PERTH – International – Australia is taking the lead role in the ongoing search for Malaysia Airlines MH370. The plane went missing on March 8 with 239 passengers and crew onboard. The plane has been tracked to an area off the west coast of Australia.
However an international air and sea search has yet to locate any sign of the missing Boeing 777-220 passenger plane.
Concerns are mounting that the black box, Flight Data Recorder batteries are starting to wear down and that will make finding the cause of the apparent crash of the plane even harder. If the batteries die before the Flight Data Recorder is found, the search will continue with a sonar search of the sea bed.
The British Navy has deployed a nuclear submarine to the search effort.
Press Briefing: Najib Razak, Prime Minister of Malaysia
I would like to start by thanking the men and women who are giving their all to find MH370.
Over the past three weeks, hundreds of people have journeyed thousands of kilometres to help. They have searched through stormy seas and freezing fog. They have sailed through cyclones to find the plane. We owe them each a debt of gratitude.
This has been a remarkable effort, bringing together nations from around the world. When MH370 went missing, dozens of countries answered the call for help. Their commitment will not be forgotten.
In a time of great tragedy – for the countries with citizens on board, and the families whose loved ones are missing – this co-operation has given us all heart. Differences have been set aside, as 26 nations have united behind a common cause. The disappearance of MH370 is without precedent; so too is the search.
This morning I met sailors and aircrew at Pearce Air Force Base. I also spoke to the commanders of the seven nations who are here to search for MH370. They told me of the difficulties of a search like this; of distance, and weather, and of maintaining morale amidst so many false sightings.
As we speak, 10 aircraft and 9 ships are searching the Indian Ocean for any sign of the missing plane. The search area is vast, and the conditions are not easy. But the courage of the crews is more than equal to the task. Once again, I thank them all for what they are doing.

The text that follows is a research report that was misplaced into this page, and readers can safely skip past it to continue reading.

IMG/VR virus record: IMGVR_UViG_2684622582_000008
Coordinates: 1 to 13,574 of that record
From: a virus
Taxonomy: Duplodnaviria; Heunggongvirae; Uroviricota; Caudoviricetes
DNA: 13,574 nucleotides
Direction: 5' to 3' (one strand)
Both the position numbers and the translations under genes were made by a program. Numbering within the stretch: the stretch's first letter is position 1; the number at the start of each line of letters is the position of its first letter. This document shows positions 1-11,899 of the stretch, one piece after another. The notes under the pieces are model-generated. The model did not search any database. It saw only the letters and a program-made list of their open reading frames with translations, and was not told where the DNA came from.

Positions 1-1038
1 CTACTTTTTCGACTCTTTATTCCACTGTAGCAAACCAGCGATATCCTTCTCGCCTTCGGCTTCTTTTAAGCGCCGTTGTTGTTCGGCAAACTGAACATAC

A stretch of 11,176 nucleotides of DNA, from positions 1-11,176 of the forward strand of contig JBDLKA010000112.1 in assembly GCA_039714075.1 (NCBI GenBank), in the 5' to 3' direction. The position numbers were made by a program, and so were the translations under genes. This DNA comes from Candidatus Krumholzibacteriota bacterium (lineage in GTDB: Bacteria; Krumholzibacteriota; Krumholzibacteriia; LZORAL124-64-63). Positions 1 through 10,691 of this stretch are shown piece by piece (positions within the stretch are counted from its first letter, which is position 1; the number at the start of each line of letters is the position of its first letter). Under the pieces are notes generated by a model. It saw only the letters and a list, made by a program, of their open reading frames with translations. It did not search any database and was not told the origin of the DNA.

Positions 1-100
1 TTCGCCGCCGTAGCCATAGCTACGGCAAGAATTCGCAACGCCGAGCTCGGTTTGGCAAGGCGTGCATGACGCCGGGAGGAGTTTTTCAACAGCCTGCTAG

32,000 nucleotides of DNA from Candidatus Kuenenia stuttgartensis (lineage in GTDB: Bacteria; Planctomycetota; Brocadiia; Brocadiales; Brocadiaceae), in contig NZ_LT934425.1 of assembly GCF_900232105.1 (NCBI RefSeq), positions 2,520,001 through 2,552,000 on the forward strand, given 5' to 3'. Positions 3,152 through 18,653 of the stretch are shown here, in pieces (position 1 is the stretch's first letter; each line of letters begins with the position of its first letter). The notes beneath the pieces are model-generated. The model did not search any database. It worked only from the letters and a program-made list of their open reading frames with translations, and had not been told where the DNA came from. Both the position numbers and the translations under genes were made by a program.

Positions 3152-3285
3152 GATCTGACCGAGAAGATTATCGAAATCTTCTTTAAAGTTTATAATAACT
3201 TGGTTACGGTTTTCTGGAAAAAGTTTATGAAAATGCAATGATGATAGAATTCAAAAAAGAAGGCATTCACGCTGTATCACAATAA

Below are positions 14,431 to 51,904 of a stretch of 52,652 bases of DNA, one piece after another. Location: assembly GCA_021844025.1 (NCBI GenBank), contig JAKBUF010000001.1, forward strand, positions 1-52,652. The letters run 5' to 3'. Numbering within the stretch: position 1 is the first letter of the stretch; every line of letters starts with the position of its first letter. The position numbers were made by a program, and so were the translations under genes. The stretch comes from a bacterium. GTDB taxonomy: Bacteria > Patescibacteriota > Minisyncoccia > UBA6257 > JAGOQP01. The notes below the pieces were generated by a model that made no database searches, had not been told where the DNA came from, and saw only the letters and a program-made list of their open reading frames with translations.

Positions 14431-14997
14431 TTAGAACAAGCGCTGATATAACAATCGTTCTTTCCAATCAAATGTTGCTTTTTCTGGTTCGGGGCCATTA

I would also like to thank Prime Minister Abbott for hosting us here in Perth; for formally agreeing to lead the search operations in the southern Indian Ocean; and for accepting our invitation for Australia to participate as an Accredited Representative in the investigation. We will continue to work closely with the Australian government to draw up a comprehensive agreement on the search.
At this difficult time, Australia has proven an invaluable friend. The Australian authorities, like so many others, have offered their assistance without hesitation or delay. I would like to sincerely thank Australians for all they have done, and are doing, to find the plane.
We are also grateful to all those who have brought their expertise to bear on what Prime Minister Abbott rightly called ‘one of the great mysteries of our time’.
The disappearance of MH370 has tested our collective resolve. Faced with so little evidence, and such a difficult task, investigators from Australia, China, France, Malaysia, the UK and the US and have worked without pause to reveal the aircraft’s movements. Their collective efforts have led us here.
We are here today, but our thoughts are thousands of kilometres away. In the cities and countries around the world, where families of those on board wait desperately for news. And in the vastness of the Indian Ocean, where MH370 awaits.
I know that until we find the plane, many families cannot start to grieve. I cannot imagine what they must be going through. But I can promise them that we will not give up.